T2 Trainspotting finds them in their forties, after the realities of life have started to grind them down, where the best anyone can really hope for is a stable family, a secure job, and a mortgage, and those Oasis, Pulp and Blur songs are just pleasant ditties to look forward to on Radio 2 on the way to work, rather than insightful commentary on our lives. That’s the best; and certainly these characters don’t have it so fortunate. Even Renton, who has had the best start to his adult life, has found reason enough to return to Edinburgh and face the friends that he betrayed. They’ve all screwed up their lives to varying degrees. Begbie’s in prison, getting angrier by the second, Spud somehow managed to have a family, but lost them by staying on the drugs, and Sick Boy’s cynically holding onto his twenties, still chasing get rich quick schemes. Seeing Renton’s return offers him the chance to make some money and get some measure of revenge. Just like the first film, it boils down to another get-rich-quick scheme.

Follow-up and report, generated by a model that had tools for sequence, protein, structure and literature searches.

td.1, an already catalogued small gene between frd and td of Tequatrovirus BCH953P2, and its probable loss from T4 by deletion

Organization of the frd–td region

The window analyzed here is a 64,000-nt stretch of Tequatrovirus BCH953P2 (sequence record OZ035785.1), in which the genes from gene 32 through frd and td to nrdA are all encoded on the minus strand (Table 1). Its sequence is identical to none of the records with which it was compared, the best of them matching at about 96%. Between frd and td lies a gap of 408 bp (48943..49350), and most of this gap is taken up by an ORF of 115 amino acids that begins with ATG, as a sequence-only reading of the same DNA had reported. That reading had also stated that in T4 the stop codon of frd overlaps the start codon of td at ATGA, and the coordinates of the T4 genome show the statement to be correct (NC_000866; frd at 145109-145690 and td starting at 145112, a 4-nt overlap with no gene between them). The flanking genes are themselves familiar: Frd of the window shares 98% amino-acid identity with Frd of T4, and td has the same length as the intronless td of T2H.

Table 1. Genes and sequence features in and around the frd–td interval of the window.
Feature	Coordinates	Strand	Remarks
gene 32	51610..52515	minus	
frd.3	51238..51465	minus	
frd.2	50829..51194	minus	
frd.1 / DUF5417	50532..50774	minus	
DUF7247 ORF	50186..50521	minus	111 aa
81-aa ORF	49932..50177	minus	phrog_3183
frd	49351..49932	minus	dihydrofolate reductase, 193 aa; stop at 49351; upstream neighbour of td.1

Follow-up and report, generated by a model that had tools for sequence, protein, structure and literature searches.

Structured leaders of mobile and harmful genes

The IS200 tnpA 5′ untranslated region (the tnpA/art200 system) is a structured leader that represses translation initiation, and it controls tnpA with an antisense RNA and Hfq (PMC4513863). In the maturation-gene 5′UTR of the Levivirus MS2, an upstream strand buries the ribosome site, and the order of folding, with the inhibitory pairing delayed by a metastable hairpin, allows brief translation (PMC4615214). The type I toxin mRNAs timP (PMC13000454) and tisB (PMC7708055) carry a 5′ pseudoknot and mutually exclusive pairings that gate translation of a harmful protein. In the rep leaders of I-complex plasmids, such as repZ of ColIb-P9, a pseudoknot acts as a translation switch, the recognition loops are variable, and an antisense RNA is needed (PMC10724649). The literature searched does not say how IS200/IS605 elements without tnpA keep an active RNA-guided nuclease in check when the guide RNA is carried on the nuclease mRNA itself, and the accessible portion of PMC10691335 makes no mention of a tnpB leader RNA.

The difference is in the tone. Sure, T2 Trainspotting has the same effervescent dialogue, the same desire to shock an audience out of its complacency, the same rich, dark vein of comedy, and Begbie is still the scariest villain I have seen in cinema. But where the first film mixed in optimism with its nihilistic energy, this film is all about the anger, the betrayal, the loss of hope. This film revisits the ‘Choose life’ speech, but where in the first film it was a moment of satire, a wink to the audience, a rebel yell of drug fuelled independence, here it is a bitter, angry, lament of regrets and missed opportunities, railing at a world that betrays adolescent optimism with the cold brutal reality of life and lost time.
T2 Trainspotting turns out just as good a film as the original, and it does so by fulfilling audience expectations and subverting them at the same time. The two films complement each other perfectly, and this is one long awaited sequel that doesn’t disappoint.